Oct 24, 2013 10:35 AM EDT
Underground ‘Living Stone’ Plant Has ‘Windows’ To Facilitate Photosynthesis
Lithops, a type of South African 'living stone' plant that lives underground in extremely dry conditions employs multiple mechanisms to enhance photosynthesis, according to a study conducted by Katie J. Field from the University of Sheffield and colleagues from the University of Cambridge and Abbey Brook Cactus Nursery in Derbyshire.
This finding provides new insights into how plants cope, respond and adapt to extreme conditions.
Lithops' underground life makes it difficult for them to get sufficient amount of sunlight required for the photosynthesis process. However, these pebble plants have certain features that allow them to survive.
The plant's top surface has 'windows' with specialized transparent pockets that allows the required light to diffuse to the photosynthetic tissues within the subterranean leaf. Interestingly, these pores also act as a sunscreen by preventing penetration of harmful UV light, Science Codes reports.
With the help of these adaptive features the plants minimize water loss and maximize photosynthetic food production.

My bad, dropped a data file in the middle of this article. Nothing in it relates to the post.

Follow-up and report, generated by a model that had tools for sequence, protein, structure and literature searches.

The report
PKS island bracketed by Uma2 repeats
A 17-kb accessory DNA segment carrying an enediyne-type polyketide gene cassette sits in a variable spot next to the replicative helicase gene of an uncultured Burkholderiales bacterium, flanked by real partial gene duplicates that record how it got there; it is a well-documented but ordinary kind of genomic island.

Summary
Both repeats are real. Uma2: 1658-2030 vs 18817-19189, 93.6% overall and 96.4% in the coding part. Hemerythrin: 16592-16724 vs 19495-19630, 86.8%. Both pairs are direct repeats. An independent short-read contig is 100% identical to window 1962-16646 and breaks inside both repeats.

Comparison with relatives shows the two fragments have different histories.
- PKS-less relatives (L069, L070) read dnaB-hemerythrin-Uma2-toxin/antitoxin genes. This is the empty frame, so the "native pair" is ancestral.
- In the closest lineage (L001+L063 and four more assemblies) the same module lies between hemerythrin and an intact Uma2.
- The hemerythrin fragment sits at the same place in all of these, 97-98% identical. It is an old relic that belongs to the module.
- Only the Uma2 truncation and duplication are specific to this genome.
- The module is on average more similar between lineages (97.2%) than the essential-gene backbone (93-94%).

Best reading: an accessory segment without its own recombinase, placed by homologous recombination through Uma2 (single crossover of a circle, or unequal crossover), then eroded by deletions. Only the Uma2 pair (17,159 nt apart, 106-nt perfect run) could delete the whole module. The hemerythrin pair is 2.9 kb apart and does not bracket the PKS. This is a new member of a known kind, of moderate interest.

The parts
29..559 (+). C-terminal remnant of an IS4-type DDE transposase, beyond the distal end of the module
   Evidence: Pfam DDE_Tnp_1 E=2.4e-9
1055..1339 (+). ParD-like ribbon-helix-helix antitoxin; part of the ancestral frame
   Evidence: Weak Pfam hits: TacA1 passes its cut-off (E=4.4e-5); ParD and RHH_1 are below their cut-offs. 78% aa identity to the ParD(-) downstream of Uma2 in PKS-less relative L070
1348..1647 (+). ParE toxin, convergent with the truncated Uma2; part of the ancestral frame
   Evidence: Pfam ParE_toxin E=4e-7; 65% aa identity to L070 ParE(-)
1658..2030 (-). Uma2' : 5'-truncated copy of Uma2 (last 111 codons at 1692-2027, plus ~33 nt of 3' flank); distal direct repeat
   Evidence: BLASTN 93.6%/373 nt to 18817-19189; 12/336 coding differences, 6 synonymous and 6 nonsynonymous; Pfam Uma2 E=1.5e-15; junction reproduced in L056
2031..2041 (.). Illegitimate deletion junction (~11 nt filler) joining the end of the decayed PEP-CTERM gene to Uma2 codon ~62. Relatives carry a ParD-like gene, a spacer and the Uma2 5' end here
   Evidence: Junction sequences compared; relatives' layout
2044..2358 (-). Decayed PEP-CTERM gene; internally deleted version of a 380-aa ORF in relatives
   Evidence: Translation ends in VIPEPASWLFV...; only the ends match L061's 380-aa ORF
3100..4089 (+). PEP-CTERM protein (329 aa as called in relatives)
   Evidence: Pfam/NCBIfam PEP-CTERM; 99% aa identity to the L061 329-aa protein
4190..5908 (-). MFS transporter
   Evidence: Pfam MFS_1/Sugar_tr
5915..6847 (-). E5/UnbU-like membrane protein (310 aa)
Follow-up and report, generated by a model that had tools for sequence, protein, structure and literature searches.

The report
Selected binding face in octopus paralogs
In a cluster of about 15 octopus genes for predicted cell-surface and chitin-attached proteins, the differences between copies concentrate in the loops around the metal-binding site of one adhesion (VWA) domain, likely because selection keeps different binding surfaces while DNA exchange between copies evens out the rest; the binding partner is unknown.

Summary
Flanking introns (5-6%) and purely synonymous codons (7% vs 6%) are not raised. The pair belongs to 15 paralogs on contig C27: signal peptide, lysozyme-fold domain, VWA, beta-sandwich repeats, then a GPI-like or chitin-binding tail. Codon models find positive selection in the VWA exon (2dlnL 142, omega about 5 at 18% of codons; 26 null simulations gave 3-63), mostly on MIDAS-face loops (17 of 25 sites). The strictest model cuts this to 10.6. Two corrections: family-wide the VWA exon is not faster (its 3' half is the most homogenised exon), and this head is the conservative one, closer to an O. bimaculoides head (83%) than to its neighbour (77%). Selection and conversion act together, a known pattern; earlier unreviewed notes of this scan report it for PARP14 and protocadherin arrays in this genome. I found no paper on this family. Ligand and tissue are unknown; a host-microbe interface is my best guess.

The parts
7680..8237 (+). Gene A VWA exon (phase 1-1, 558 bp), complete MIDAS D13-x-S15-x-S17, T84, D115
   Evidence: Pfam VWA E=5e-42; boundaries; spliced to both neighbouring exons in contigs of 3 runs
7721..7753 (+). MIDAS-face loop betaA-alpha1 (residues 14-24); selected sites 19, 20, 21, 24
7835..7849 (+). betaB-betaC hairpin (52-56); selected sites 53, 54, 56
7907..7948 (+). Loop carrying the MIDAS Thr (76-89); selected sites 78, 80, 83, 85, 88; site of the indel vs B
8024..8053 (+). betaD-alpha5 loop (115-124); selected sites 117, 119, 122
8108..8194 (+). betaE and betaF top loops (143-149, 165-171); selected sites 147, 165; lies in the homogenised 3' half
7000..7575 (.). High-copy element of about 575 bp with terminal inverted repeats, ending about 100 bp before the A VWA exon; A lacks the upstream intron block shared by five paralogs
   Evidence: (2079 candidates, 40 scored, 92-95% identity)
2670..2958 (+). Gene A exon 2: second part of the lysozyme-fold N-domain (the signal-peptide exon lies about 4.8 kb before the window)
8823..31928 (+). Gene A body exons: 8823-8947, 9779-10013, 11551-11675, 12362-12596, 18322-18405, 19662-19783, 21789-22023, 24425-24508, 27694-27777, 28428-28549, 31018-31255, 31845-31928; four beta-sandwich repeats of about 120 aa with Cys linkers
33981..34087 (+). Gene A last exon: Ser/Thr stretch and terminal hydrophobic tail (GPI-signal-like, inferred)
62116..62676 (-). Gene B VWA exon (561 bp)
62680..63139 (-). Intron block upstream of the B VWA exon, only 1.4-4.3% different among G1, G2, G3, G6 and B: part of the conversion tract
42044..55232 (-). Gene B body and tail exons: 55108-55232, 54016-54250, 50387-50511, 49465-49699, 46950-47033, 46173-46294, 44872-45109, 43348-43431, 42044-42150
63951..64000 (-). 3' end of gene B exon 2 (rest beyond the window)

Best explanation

The name Lithops is derived from the Ancient Greek for stone face, referring to the stone-like appearance of the plants. There are at least 400 different varieties of stone plants. Majority of them live totally or partially underground due to the arid environment that the plants inhabit.
The 'Living Stone' plants, which possess photosynthetic organs above the surface use a process known as non-photochemical quenching (NPQ) to prevent excess energy or sunlight from penetrating inside.
The finding has been published October 23 in the open-access journal PLOS ONE.
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